Reference: A.P. Roberts and E.J. Garboczi, J. Mech. Phys. Solids 50 (1), 33-55 (2002).

(PDF Version of Original paper)

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Elastic properties of model random three-dimensional open-cell solids


1Building Materials Division, National Institute of Standards and Technology, Gaithersburg, MD 20899, USA
2Centre for Microscopy and Microanalysis, University of Queensland, St. Lucia, Queensland 4066, Australia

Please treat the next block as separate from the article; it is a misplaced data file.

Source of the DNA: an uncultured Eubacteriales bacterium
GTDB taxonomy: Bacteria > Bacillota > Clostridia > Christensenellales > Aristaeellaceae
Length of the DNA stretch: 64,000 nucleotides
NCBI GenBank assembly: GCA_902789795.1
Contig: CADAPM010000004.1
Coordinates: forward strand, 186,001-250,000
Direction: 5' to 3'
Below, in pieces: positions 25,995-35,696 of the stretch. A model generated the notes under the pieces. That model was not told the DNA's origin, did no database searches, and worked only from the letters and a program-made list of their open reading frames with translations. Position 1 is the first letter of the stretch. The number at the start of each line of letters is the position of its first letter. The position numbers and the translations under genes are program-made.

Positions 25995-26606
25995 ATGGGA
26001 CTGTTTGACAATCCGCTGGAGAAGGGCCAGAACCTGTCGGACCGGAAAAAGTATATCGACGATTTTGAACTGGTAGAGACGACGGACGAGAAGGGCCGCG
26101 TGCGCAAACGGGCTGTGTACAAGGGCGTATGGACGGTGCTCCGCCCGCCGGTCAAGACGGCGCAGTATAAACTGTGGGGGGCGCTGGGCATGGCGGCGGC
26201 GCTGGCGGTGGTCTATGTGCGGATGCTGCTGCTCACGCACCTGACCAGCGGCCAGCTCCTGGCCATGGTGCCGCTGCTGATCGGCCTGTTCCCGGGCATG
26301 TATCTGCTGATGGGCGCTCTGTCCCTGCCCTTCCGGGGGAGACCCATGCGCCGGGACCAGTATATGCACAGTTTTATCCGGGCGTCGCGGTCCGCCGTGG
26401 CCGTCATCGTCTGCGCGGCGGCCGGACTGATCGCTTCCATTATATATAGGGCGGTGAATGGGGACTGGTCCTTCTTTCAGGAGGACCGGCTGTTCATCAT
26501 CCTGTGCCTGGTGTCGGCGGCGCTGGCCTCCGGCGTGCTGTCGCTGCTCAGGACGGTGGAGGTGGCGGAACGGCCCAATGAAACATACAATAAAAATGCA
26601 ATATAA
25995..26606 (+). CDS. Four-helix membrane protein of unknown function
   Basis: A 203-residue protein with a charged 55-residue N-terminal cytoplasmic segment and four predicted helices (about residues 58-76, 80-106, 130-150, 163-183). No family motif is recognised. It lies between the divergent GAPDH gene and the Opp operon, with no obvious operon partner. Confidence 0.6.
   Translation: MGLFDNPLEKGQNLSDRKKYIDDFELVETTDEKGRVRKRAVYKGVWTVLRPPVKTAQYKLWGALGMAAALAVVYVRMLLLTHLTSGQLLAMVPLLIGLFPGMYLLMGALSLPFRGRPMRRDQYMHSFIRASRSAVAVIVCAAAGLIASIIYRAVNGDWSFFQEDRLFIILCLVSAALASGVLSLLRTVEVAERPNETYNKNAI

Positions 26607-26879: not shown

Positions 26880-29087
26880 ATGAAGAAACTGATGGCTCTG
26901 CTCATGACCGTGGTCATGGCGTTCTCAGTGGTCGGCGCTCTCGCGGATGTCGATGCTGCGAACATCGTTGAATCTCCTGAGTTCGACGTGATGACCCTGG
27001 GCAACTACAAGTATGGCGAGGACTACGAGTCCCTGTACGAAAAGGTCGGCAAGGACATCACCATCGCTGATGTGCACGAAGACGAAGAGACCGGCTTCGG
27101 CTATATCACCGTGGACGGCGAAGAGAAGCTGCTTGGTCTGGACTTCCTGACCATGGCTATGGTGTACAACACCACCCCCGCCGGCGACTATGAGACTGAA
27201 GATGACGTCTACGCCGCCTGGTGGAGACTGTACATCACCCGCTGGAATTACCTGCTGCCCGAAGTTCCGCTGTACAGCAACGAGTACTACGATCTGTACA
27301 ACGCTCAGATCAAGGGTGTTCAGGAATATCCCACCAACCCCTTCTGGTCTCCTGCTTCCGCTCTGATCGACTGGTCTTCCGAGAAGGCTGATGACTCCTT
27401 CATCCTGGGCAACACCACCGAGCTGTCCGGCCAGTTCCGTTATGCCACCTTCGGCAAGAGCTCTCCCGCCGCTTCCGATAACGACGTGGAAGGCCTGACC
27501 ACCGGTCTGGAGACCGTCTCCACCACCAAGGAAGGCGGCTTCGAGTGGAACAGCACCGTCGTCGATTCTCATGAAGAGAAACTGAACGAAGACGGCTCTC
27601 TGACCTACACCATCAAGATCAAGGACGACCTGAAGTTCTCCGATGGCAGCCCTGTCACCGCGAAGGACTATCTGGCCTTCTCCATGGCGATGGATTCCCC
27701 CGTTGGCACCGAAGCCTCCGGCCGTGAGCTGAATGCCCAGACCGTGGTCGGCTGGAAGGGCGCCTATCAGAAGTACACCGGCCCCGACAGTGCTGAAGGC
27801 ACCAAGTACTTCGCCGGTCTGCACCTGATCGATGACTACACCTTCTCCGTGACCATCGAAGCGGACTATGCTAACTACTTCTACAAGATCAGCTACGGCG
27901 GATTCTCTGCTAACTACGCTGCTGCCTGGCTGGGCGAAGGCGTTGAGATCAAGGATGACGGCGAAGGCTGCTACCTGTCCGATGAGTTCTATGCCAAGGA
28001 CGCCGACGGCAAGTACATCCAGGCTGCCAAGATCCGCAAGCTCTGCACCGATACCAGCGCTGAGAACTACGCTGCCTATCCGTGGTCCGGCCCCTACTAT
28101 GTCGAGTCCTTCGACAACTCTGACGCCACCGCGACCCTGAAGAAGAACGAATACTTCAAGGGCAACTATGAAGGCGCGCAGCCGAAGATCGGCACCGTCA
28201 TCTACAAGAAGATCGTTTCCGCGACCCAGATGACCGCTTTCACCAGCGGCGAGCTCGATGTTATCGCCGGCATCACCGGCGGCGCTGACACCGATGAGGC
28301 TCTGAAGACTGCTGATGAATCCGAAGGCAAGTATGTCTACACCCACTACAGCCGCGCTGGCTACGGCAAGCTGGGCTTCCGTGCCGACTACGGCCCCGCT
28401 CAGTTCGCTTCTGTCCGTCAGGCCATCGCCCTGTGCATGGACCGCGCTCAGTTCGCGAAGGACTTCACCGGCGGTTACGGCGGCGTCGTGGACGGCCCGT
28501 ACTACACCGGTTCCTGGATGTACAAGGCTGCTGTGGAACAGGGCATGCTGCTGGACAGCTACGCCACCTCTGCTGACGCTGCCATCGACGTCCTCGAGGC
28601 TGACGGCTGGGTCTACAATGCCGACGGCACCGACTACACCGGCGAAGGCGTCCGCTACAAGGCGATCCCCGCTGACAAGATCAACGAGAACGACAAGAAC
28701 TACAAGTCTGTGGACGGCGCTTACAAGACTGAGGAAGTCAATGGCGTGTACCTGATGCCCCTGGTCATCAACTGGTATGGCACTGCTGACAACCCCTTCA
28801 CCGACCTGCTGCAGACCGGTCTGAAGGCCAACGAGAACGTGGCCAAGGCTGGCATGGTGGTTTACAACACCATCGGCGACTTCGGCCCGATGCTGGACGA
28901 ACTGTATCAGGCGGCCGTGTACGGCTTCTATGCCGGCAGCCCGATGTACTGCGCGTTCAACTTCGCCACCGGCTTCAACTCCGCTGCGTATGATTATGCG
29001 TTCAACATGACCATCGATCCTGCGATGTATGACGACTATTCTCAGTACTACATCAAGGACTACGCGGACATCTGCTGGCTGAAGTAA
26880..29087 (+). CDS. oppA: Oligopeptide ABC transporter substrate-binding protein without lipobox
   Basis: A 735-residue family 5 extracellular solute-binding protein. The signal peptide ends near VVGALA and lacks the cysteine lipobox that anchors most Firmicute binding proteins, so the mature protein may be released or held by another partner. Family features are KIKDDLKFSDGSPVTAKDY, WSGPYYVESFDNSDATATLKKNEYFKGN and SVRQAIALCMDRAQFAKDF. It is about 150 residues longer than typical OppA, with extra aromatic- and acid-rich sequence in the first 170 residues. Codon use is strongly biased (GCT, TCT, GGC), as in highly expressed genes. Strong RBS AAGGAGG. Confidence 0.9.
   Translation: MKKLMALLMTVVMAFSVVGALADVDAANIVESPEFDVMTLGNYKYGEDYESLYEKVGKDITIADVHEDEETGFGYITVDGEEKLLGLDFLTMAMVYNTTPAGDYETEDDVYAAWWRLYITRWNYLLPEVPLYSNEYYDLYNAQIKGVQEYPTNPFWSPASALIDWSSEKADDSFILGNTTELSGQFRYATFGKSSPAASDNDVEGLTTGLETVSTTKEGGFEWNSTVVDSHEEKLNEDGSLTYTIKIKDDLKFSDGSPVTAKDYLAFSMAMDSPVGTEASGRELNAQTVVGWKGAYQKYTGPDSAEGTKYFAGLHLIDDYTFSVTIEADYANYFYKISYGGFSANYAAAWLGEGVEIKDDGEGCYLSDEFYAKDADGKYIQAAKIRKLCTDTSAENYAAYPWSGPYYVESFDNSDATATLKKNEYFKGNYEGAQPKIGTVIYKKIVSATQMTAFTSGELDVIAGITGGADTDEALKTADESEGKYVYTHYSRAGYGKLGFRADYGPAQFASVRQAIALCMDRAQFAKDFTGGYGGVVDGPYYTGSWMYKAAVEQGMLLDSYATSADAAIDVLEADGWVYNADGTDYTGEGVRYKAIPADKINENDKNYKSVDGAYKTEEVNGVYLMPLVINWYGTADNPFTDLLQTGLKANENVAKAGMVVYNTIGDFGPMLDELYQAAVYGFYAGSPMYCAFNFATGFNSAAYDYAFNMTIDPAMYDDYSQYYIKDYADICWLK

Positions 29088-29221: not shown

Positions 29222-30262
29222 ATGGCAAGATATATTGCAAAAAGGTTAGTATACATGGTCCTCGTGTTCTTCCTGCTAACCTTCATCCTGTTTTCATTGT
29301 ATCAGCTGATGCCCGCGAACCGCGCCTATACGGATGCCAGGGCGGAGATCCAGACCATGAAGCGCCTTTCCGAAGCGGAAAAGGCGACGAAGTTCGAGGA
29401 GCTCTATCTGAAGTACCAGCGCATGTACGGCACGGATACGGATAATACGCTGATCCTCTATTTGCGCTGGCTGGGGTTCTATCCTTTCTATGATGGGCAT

Most cellular solids are random materials, while practically all theoretical results are for periodic models. To be able to generate theoretical results for random models, the finite element method (FEM) was used to study the elastic properties of open-cell solids. We have computed the density ( $\rho$ ) and microstructure dependence of the Young's modulus (E) and Poisson's ratio ($\nu$) for four different isotropic random models. The models were based on Voronoi tessellations, level-cut Gaussian random fields, and nearest neighbour node-bond rules. These models were chosen to broadly represent the structure of foamed solids and other (non-foamed) cellular materials. At low densities, the Young's modulus can be described by the relation E  $E\propto\rho^n$ n. The exponent n and constant of proportionality depend on microstructure. We find 1.3 < n < 3, indicating a more complex dependence than indicated by periodic cell theories, which predict n=2. The observed variance in the exponent was found to be consistent with experimental data. We found that the Voronoi tessellation model, which is often used as a common model of isotropic foamed solids, exhibits incompressibility ($\nu$   ½) at low densities. This behaviour is not observed experimentally. Our studies showed the result was robust to polydispersity and that a relatively large number (15 %) of the bonds must be broken to reproduce the experimental Poisson's ratio.

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